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802.11AC is not the future…. Round Two

802.11AC is not the future…. Round Two
Anthony Zotti of the DIY -*and POE (Power Over Ethernet ) shows how 802.11ac -*makes the future now.

 
Here we go again! It,Aeos time for another post on the benefits of the newly ratified 802.11AC standard. In my first post I explained modulation and how it applies to the .11AC user. In this post, I want to focus on MU-MIMO, Multi User ,Aei Multiple Input Multiple Output, and what that brings to the table. In order to do so, we need to first address the older 802.11N,Aeos use of MIMO, sans MU.
To start, what is MIMO and why should we care? MIMO, Multiple Input Multiple Output, is best thought of as an enhancement to legacy systems that allows for the use of multiple transmitters and receivers in the access point (AP) and/or client device. In simple terms, the AP or client will utilize multiple radios and antennas. Typically seen in 802.11N are combos such as 2/o2 (two input chains and two output chains) or 3/o3 (yeah, you guessed it, three input and three output chains). The biggest benefit to these multiple chains is the means by which the throughput is increased by taking advantage of multipath signals.
What in the world is multipath, you ask? Multipath is, in a way, interference. When a signal is broadcast, let,Aeos say from a laptop to an AP, it is not sent in a single direction to the AP. Instead, it,Aeos usually broadcast in an omnipolar manner. It travels out in (sort of) all directions.* As it travels towards its intended recipient, the signal encounters walls, windows, ceilings, pizza boxes, and more. This signal then reflects away from these obstructions and continues to travel at a new angle with the AP, ultimately, ,Aeoseeing,Aeo multiple instances of these reflected signals, but at ever so slightly different times. In pre .11N systems which were, by definition, SISO or Single Input Single Output, these multiple instances could not be interpreted individually and it adversely affected the receiver,Aeos ability to decipher the true signal from the noise. 802.11N introduced the ability to combine these spatial streams with the use of multiple chains (antenna/radio combos). Combining these multiple signals resulted in a greater SNR or Signal to Noise Ratio. It was a radical improvement to the 802.11 standard that, in combination with other advancements, increased the theoretical maximum throughput rate from 54 Mbps found in 802.11G to 600Mbps in 802.11N.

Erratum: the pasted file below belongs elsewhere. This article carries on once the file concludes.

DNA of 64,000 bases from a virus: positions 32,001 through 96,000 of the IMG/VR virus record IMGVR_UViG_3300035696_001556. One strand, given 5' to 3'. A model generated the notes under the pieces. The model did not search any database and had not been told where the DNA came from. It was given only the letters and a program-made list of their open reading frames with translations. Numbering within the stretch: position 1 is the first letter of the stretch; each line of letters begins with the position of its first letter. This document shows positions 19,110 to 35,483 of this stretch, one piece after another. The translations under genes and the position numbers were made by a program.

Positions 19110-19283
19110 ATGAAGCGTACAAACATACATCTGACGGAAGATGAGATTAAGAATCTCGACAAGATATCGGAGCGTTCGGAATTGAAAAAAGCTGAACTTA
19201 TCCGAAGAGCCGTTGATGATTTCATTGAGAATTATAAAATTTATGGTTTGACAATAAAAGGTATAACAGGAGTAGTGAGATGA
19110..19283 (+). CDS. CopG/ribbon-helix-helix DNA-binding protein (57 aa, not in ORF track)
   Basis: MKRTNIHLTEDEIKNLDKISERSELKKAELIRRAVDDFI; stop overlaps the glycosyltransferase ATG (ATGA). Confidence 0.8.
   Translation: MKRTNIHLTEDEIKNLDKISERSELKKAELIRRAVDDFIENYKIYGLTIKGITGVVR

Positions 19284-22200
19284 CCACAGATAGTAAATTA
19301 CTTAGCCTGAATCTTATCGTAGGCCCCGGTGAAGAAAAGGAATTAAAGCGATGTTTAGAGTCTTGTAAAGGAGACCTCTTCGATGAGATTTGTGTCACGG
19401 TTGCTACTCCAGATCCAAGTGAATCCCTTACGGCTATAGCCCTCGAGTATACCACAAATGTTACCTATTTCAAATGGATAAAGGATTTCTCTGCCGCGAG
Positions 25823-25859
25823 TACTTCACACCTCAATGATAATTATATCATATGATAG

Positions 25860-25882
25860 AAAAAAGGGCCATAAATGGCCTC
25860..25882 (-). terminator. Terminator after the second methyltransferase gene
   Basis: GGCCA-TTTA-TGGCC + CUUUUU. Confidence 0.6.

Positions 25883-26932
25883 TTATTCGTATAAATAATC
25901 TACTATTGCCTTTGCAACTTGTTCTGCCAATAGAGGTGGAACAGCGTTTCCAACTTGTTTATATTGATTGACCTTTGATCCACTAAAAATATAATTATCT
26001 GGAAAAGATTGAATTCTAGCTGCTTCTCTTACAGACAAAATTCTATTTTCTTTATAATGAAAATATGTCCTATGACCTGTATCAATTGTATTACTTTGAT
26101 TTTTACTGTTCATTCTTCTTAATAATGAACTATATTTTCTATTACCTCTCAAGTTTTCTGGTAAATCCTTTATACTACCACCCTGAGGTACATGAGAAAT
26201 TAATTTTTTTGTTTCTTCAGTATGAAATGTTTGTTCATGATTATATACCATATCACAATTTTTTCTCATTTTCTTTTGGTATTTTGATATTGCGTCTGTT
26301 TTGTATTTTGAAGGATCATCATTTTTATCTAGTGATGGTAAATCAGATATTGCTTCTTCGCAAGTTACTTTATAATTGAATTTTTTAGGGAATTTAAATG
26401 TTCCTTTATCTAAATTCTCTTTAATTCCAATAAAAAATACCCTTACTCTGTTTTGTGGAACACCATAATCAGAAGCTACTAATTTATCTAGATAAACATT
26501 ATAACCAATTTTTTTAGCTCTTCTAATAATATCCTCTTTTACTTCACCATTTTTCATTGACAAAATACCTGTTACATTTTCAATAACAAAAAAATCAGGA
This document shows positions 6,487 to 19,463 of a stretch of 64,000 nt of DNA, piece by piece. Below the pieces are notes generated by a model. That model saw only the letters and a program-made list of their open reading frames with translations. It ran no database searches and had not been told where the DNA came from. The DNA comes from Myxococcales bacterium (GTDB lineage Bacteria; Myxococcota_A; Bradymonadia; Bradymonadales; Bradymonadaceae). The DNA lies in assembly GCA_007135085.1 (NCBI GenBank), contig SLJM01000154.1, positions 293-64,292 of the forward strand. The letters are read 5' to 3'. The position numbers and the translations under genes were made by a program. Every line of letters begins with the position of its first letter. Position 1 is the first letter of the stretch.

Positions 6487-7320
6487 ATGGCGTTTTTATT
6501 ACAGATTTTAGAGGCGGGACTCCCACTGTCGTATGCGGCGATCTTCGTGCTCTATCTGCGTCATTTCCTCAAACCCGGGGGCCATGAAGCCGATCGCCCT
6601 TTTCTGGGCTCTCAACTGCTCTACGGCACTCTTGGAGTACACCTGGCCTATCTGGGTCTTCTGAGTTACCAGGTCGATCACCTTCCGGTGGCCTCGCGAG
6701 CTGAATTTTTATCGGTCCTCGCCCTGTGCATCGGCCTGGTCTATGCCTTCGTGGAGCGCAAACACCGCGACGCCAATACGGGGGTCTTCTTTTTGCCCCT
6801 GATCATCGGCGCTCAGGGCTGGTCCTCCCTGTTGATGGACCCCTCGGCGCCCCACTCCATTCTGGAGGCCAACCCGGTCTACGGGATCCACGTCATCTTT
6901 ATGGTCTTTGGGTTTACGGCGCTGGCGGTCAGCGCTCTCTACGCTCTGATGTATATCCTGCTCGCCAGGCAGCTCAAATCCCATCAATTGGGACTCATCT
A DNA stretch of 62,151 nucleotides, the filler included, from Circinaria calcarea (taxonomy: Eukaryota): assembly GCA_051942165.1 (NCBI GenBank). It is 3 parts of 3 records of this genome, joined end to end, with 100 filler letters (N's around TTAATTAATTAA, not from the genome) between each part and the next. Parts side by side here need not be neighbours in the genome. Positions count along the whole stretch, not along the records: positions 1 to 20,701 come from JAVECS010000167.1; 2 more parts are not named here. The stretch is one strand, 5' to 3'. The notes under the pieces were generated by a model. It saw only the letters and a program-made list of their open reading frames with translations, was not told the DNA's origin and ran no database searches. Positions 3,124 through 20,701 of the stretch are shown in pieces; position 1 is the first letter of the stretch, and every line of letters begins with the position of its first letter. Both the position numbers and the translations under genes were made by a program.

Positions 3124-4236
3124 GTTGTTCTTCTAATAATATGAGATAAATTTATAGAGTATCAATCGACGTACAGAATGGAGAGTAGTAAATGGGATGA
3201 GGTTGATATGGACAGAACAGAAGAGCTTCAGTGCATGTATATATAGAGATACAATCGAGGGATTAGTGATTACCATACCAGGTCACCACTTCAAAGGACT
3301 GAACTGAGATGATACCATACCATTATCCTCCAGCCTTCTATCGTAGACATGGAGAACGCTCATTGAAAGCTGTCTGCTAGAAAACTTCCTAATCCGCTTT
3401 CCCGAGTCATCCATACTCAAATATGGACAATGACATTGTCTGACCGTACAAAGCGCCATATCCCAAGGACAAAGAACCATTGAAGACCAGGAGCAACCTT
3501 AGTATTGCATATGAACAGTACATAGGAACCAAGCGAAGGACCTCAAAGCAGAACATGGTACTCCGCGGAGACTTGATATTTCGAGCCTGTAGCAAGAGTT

Along comes moo,AexB6.or is it MU? MU, the Multi User component of .11AC,Aeos MU-MIMO is a continuation of the standard. What MU-MIMO brings to the table, in simple terms, is the ability to utilize multiple antennas for multiple clients. For example, if you have a 3/o3 access point and multiple clients attempting to transmit or receive data at the same time, the access point can simultaneously transmit and receive with two of the antenna chains to one client and dedicate it,Aeos third to another client. By using the spatial diversity of the antennas themselves, we can push data without making other client devices wait their turn, increasing overall throughput. Not only do you get the benefits of MIMO and its ability to combine diverse spatial streams but, add to that the ability to do so for more than one connection at a time.
All of this does, of course, come at the cost of processing power, but Moore,Aeos Law applies and we see higher and higher quality chip sets in both APs and stations. Another cost to consider is the relative loss in RSSI (Received Signal Strength Indicator) when individual clients, with multiple antennas/chains, don,Aeot get to use the full 3/o3 antenna array because another client is using some. This loss in RSSI can and does have a direct effect on the MCS (Modulation and Coding Schemes) rate available (see my post on modulation), potentially reducing throughput because smaller bits of traffic can be sent at any given time.
All in all, MU-MIMO is but one more advancement in the AC standard that can allow for higher data rates than the now legacy 802.11N. Its part of the reason why 802.11AC is not the future,AexB6it,Aeos here, now, and it kicks ass.
*Omnipolar isn’t entirely correct. Most antennas are designed to radiate in somewhat of a donut shape, rather than sending the signal out in all directions like a sphere. Many manufacturers can provide the radiation pattern of the APs they offer.
 
Feature image copyright Kevin Dooley, used under Creative Commons Licence-*-*

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